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Less of the same, but not too much of the difference

Enviro forum explores coalition building

Diversity, for all its trumpets and tag lines, can really tear things asunder. It’s sweet in small doses, but shake in too many dollops and things can get bitter.

So said celebrated environmentalist Ann Dale, who spoke to about 50 people during the Corridor Environmental Leadership and Educators Forum, which was hosted at Quest University last weekend by the Whistler Forum. Appearing via video and teleconference, Dale gave a talk on coalition building in the environmental movement.

“You cannot have too much diversity,” she said, “or the group will break apart.”

The function, which was born from previous Whistler Forum learn-ins, was designed to promote partnerships between individuals within the environmental movement. Dale, the keynote speaker, took up a good chunk of the morning with her speech and subsequent question and answer session.

The afternoon was devoted to issue-based networking. Attendants, who ran the gamut from aboriginals, students, activists and government, broke into groups to discuss dozens of topics in a format known as open space. In this case, the practice allowed participants to set the agenda by convening a plethora of discussion groups on environmental issues. While participants were free to wander from table to table, action points were expected from each group.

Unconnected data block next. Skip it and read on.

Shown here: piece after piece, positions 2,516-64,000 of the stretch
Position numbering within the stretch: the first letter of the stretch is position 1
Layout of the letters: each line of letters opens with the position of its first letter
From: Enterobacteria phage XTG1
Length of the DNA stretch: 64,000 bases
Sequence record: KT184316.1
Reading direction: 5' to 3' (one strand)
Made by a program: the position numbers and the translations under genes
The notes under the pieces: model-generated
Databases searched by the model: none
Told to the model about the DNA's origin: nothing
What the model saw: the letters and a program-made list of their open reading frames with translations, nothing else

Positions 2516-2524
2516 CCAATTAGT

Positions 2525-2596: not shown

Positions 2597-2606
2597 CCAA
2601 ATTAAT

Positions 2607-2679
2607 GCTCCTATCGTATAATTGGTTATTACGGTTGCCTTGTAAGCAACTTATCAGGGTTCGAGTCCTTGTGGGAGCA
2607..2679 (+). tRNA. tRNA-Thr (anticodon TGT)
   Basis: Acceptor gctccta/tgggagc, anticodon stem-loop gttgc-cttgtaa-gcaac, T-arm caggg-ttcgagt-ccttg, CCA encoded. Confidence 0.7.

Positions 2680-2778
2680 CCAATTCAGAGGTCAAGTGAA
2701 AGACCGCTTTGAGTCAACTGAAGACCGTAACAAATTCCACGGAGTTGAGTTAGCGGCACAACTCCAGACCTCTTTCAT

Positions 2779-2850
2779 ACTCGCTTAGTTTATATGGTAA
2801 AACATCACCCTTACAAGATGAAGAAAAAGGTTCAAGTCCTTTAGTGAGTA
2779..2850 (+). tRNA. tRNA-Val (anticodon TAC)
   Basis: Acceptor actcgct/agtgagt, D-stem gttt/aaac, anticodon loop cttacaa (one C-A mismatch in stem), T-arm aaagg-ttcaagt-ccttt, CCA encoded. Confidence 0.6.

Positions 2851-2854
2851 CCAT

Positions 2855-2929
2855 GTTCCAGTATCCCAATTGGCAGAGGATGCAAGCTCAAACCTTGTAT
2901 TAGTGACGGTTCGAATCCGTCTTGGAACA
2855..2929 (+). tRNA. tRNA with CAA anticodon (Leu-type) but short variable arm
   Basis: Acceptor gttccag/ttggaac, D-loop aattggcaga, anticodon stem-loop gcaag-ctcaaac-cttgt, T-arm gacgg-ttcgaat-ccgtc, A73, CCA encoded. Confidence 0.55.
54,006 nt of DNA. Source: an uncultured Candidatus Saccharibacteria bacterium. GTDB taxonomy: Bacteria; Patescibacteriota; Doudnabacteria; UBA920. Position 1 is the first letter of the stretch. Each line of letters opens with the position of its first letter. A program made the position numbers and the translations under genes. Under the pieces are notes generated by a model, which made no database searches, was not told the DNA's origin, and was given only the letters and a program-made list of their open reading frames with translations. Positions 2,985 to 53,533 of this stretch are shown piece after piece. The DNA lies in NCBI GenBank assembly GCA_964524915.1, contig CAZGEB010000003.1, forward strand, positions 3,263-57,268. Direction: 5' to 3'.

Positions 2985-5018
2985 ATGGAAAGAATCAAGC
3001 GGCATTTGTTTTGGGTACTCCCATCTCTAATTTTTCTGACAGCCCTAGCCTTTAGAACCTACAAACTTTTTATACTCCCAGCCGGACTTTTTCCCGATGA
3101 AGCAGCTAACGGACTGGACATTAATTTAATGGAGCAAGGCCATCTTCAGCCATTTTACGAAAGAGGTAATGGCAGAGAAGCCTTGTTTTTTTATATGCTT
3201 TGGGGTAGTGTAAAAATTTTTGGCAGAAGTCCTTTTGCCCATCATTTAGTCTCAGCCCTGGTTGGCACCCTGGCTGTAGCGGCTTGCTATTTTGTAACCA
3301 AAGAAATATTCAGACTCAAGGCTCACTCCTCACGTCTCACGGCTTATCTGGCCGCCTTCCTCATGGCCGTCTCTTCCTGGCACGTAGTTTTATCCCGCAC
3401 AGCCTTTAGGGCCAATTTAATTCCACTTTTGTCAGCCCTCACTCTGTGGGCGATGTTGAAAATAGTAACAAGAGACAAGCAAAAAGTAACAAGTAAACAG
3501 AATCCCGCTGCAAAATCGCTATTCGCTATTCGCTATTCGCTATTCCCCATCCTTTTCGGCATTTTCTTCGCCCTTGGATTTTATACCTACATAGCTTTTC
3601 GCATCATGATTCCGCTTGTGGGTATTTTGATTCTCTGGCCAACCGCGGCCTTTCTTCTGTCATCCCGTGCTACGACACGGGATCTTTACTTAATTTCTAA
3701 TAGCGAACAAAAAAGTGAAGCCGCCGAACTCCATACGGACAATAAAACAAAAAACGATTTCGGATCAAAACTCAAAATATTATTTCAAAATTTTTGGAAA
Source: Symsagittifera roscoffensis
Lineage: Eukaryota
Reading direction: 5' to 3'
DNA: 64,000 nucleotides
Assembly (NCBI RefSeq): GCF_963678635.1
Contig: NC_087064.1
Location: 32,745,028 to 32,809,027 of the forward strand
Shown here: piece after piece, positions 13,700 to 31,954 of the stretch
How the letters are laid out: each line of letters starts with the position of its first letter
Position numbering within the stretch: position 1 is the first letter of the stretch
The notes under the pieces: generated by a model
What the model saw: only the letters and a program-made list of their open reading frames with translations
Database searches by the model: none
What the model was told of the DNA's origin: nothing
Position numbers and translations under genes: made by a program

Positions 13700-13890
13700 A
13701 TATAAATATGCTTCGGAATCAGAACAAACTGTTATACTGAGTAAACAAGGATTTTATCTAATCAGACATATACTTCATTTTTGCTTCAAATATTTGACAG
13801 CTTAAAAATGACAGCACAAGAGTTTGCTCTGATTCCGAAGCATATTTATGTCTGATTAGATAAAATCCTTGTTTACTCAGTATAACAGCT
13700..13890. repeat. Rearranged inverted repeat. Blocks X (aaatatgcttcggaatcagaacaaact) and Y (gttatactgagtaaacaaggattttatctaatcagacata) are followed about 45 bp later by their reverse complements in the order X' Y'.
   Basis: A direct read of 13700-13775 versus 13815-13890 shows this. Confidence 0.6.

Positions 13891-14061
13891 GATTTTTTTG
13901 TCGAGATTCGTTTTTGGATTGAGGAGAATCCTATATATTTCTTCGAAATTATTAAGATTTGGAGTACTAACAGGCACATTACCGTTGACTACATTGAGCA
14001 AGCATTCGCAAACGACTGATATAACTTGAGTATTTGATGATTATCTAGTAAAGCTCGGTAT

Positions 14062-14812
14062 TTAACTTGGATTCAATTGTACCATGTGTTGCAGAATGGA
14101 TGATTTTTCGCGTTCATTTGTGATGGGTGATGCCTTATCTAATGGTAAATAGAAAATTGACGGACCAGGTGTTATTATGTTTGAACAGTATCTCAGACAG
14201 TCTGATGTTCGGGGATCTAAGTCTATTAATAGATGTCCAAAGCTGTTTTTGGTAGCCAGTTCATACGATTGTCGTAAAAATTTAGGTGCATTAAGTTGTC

At the end of the meeting, which stretched through most of last Saturday, participants stood before each other and rattled off a list of action plans. Some, like a central website tooled to combine the agendas of all the Sea to Sky corridor’s interest groups, where standard fare. Others, like organizing a sort of party-bus with live music and information, were a bit more unusual.

Except for event sponsors, the meeting was short on business representatives. Even though Dale warned against too much diversity, she also repeatedly promoted the proper amount.

“When you’re at a meeting or putting a group together, you have to design for diversity,” she said. “I don’t think we’re very good at diversity.”